Kenya’s Frontier Counties have never enjoyed the kind of attention it has received recently. And what’s more, the people talk optimistically about an ideal future. Joint meetings of leaders across the region point to a common agenda that must be executed urgently.
Yesterday, close to 100 leaders both from the county governments and the national government converged in Naivasha to discuss how to change the discourse of development of the region.
It wasn’t the first time this was happening. Under President Mwai Kibaki, a fully-fledged Ministry of Northern Kenya was created “to plan and maximise” on the economic potential of what was mostly a neglected vast bowl of dust.
The ministry created a foundation from which the governors are building a great future. Ideally, the ministry was formed to correct the injustices meted against the Frontier Counties in line with Agenda 4 of the 2008 National Accord.
During the two-day conference organised under the auspices of the Frontier Counties Development Council, a regional block formed by the Governors of eight counties and now to be joined by West Pokot and Samburu, the feeling of optimism and excitement was palpable. They can see the Promised Land, if you like.
The leaders collectively agreed to turn a new leaf and instead, focus their energies on turning this area into the next big thing in the country with the discovery of gas and oil a major boost.
But then, this has not come easy. There had to be deliberate efforts to change attitudes and feelings. There was a time when the residents of these counties viewed the government as an enemy. The Shifta Wars of the 1960’s and the heavy-handed response had created the impression that the government was out to maim and kill them.
In fact, President Jomo Kenyatta’s regime reinforced this feeling of fear and bitterness through its actions of omission and commission.
It didn’t end there; in the decades that followed the independence era some of the worst human rights atrocities were committed against the people. In 1960’s alone over 2,700 people were killed during the Isiolo massacre including the Isiolo Mosque Massacre of 18 elders in 1967. While responding to an insurgency, the Kenyan Government shot all the men on sight.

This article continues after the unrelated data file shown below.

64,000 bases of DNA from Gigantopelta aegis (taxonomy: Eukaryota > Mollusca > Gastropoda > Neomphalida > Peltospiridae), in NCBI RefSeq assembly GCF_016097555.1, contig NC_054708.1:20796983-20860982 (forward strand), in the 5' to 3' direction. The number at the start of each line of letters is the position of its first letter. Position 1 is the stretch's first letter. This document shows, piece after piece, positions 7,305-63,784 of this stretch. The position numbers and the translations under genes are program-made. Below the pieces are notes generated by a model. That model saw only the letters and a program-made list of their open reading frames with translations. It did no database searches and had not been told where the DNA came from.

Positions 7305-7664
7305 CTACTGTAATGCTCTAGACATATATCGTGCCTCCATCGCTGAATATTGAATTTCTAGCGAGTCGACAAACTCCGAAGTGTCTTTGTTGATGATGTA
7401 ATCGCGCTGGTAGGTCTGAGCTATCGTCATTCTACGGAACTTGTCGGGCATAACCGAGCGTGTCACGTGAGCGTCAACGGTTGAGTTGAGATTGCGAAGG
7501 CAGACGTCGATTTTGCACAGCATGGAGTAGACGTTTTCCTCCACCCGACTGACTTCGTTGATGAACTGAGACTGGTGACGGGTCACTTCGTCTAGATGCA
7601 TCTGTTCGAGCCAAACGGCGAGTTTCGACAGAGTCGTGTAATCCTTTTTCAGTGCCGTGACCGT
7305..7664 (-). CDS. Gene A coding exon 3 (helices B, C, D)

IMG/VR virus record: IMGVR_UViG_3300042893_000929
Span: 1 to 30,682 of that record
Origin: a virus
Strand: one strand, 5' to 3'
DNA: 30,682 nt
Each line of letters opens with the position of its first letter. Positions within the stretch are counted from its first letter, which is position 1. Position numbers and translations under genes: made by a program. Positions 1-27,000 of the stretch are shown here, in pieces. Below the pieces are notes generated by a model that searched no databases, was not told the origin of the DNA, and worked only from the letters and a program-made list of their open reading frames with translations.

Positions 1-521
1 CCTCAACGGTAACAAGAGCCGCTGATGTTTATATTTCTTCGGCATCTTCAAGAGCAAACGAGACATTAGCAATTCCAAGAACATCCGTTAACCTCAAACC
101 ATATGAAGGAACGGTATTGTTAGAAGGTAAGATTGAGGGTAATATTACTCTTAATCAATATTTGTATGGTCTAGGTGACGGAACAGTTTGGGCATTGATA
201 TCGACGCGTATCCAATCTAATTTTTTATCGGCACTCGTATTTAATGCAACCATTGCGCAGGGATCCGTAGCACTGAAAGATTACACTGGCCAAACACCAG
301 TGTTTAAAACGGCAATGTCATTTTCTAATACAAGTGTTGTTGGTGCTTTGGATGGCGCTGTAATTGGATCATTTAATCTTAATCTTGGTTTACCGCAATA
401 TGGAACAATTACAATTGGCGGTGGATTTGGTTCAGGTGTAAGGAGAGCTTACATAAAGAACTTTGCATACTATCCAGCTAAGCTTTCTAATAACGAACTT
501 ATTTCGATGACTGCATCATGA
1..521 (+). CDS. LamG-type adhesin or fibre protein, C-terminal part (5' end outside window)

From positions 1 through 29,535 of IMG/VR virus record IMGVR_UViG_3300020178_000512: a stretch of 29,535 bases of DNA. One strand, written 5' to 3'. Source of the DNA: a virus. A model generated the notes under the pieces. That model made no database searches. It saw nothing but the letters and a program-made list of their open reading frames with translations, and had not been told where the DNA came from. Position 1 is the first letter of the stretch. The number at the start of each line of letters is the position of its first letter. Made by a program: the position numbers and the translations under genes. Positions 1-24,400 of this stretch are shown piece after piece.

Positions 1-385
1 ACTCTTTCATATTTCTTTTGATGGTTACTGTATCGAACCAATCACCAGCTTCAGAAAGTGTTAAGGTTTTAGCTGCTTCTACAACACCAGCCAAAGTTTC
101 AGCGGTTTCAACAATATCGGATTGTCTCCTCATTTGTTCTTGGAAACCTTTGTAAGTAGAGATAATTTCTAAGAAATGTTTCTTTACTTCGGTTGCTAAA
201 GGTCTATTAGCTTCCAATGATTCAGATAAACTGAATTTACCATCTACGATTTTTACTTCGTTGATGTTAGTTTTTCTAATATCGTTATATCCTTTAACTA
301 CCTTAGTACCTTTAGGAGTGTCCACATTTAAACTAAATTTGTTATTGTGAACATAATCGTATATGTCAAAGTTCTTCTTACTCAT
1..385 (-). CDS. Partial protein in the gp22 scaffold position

The policy of deliberately denying the people “development” has done little to assuage the feeling of exclusion felt by the most residents. According to the Bethwel Kiplagat Report on the Garissa and Wagalla massacres, the people feel even more excluded. And to date, incidences of police brutality still occur albeit cloaked as an extension of the war on terror.
Yet all these is not holding back the region. With support from the Ministry of Devolution and ASAL areas, there are concerted efforts to accommodate the new realities of devolved institutions.
The purpose of these joint meeting by leaders from 10 counties is to put together a development master plan for the whole region.
These policies take into account the unique capacities and challenges of these counties. Pastoralism, the dominant production system in much of the region, has been especially misunderstood.
The long period of neglect and exclusion made it difficult for policy-makers to create the environment for exploiting the potential of the livestock industry. The leather industry alone has the potential to transform the economy of the whole region.
But then, the die is cast. There is no turning back. There is huge optimism, thanks to devolution. It is an understatement to claim that devolution has given hope to those of us who for far too long felt left behind. It has, especially because it offers people-driven solutions to the problems the people face.
With meagre resources from the sharable revenue, the counties in the North are transforming slowly but surely. Additionally, the convergence of leaders in the spirit of working together has made it possible for the region to lobby for more development funding.
In fact, the World Bank will invest in infrastructural projects worth more than Sh120 billion one of the biggest outlay in the region.